Shopping For Bankruptcy Counseling And Education
The Executive Office for U.S. Trustees (EOUST) requires that all bankruptcy filers receive certification for both pre-bankruptcy credit counseling and pre-discharge debtor education. The counseling, which may also be provided in a group setting, includes a review of your budget, the alternatives to bankruptcy and the consequences of bankruptcy. The education component covers how to re-establish personal finances, rebuild credit and avoid getting back in debt.
How to Evaluate Bankruptcy Counseling and Education Providers
It’s more critical than ever for those getting bankruptcy counseling and education to make sure to find a legitimate, nonprofit organization. Of course, we hope you will work with us at Clearpoint, but here are some questions to ask, along with general tips and guidelines you should follow if you are shopping around for a provider:
Is the agency a 501(c) (3) nonprofit community organization not affiliated with a particular attorney?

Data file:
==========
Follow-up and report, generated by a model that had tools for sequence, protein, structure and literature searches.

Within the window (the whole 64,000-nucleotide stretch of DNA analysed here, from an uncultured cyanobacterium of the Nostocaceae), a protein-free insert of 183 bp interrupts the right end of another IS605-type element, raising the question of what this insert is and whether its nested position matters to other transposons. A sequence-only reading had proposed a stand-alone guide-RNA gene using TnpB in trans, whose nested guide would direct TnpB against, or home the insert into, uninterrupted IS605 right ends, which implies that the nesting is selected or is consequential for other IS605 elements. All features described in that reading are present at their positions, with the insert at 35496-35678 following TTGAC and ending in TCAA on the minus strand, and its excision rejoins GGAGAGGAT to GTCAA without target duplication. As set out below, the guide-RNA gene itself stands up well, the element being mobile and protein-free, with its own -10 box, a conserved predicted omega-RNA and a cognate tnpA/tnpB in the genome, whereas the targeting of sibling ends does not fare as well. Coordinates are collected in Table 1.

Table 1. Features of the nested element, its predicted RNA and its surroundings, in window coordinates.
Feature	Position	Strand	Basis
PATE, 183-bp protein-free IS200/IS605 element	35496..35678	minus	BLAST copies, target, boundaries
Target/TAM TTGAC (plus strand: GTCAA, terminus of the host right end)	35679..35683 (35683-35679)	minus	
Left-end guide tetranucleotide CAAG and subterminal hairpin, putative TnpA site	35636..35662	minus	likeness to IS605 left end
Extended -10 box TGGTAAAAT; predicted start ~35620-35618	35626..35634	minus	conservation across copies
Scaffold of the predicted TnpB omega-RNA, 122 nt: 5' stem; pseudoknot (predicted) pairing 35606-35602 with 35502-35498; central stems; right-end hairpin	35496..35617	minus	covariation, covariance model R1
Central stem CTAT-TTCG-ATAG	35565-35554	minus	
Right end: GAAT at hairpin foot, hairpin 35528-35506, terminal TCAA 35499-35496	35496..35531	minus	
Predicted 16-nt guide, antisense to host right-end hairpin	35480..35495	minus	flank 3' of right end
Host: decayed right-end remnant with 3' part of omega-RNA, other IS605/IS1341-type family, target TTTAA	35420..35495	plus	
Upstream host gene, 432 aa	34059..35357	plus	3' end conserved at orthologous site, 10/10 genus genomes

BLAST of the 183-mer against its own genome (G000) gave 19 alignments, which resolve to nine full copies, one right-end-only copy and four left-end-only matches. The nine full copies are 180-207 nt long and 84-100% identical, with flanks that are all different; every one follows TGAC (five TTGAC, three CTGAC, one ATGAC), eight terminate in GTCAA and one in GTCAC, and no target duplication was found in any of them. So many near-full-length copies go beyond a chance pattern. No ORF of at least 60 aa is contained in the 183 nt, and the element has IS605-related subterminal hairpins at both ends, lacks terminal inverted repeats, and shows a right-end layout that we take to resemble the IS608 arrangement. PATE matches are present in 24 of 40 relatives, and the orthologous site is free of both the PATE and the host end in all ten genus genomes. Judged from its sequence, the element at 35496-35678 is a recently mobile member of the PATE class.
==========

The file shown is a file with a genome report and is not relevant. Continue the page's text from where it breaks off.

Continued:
In general, nonprofit agencies are established to follow a mission, often involving education, and a non-profit organization is more likely to offer unbiased information.
Is the agency affiliated with a national association such as the National Foundation for Credit Counseling (NFCC)?
NFCC membership signifies high standards for agency accreditation, counselor certification and policies, and ensures low-cost, confidential services.
What related services does the agency provide, and how long have they been in business?
Counselors and educators who provide related services will be able to answer more personal finance-related questions and put your situation in perspective. A healthy track record indicates an agency’s soundness.
Is the agency accredited by a third party such as the Council on Accreditation?
Such notable endorsements ensure that the organization meets the highest standards of stability, service and results.
How is the agency rated by the Better Business Bureau, and other reliable online review sites?
A quick search of charities at www.bbb.org will allow you to see the BBB’s “grade” for the organization and determine if it’s an accredited BBB member. You can also check ratings on authoritative and reliable sites, like Google reviews and Yelp.